Rick Santorum’s Last-Minute Crusade in Iowa
Buoyed by a late poll surge, the former dark horse is making a frenzied push to win over Iowa’s religious voters before tomorrow’s caucus. Patricia Murphy talks to some recent converts. Plus, Howard Kurtz on Iowa’s crazy caucus logic.
Rick Santorum is on a mission. The once darker-than-dark horse candidate for president has become the latest member of the GOP pack to rocket up in the polls, moving from single digits to a strong third place finish in the highly influential Des Moines Register poll released Saturday night.
Although the Register poll put Santorum nine points behind Mitt Romney, who had 24 percent support, it also showed Santorum’s share of the vote doubling over the four days that voters were surveyed, and bringing him to within one point of Romney on the final day. If he can stay on his upward trajectory, it has suddenly entered the realm of possibility that the former Pennsylvania senator could shoot past Rep. Ron Paul and Romney to win the Iowa caucuses, or place in the top three at the very least.
But unlike Romney, who is pitching himself to evangelicals as well as business-minded moderates, and Paul, whose libertarian streak has won him his own merry band of backers, Santorum has just one path to success—through a swath of tiny, but highly concentrated pockets of values voters in northwest Iowa, where Republicans won 88 percent of the vote in 2008 and Santorum must now consolidate the still fractured evangelical vote behind his campaign.
To that end, the Santorum campaign launched a final, frenzied push to win over as many of Iowa’s religious voters as possible on New Year’s weekend. Riding with family and friends in a bus emblazoned with “Faith, Freedom and Values,” the caravan stopped in towns like Indianola, Knoxville, Ottumwa, and Oskaloosa, where the devout Catholic and father of seven gave deeply religious remarks to overflow crowds of church-going people hungry to hear them.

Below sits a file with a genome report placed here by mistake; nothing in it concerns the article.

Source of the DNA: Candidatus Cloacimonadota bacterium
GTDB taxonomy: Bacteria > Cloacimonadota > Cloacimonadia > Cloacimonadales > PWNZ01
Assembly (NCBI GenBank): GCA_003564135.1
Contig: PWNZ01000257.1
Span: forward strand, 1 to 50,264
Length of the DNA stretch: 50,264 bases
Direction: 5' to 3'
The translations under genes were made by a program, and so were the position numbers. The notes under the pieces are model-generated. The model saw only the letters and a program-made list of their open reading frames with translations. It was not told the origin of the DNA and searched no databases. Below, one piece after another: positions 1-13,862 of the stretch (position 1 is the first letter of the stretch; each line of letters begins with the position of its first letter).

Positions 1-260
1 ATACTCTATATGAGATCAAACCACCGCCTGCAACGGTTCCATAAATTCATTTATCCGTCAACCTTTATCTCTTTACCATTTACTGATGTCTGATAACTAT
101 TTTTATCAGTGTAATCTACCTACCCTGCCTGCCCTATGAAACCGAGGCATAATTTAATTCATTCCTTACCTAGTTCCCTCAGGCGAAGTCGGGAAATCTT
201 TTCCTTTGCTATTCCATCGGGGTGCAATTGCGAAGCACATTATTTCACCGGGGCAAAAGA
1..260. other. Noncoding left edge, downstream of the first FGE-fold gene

“The Founders believed God gave us rights because we were formed in His image,” Santorum told a standing-room-only group in the basement of the Orange City bank Sunday night. “Do the work of freedom. Put on the cloak of a citizen. Go out and make a difference for your country.”
Beyond the language of the Founders, he also specifically said he would recognize Jerusalem as the capital of Israel, abolish “Obamacare” and restore pro-life values to the White House. He also hit the president’s integrity hard, stopping just short of calling Obama a liar. “We have a president who is not concerned about the facts,” he said. “He doesn’t care. It’s not what is true, it is what he believes to be true.”
This trip and dozens of marathon journeys around Iowa like it in the last year seem to be paying off for Santorum. In addition to securing two last-minute endorsements from key evangelical elders—Bob Vander Plaats, the president of The Family Leader and Iowa campaign chairman of Mike Huckabee’s campaign, and Chuck Hurley, President of the Iowa Family Policy Center—voters who showed up at one of Santorum’s events as “undecided” declared that they would back the former senator in the end.
“I think he won my vote,” Randy Bartman said after the Orange City meeting. “He sounds like a strict constitutionalist. He stands up for the core values of this country.”
Randy and wife, Tina, said they had both wanted to vote for Herman Cain until he dropped out of the race in the fall. With just two days until the caucuses, they were both still deciding between Santourm and Texas governor Rick Perry. After Santorum’s remarks, both Bartmans said they would caucus for Santorum on Tuesday.
“It’s mostly just the way he stands on faith for the country and values for family and the way he feels about abortion,” Tina said. “He just sounds like he really cares about the country.”
Henrietta Dystra from Hull, Iowa praised his moral convictions. “I just appreciate his values. Those are our values.”
Mark Lundberg, the chairman of the Sioux County Republican Party, a GOP stronghold that went 8 to 1 Republican in the last general election predicted Santorum would excell in the area on the support of late-deciding conservatives like him. “I am leaning toward Santorum,” said Lundberg, who added that he believes voters were looking for the best person to reflect their beliefs, who also had a realistic shot at becoming president.
“At some point you have to have a little pragmatic vote involved,” Lundberg said. “If you can’t get elected, you can’t get anything done.”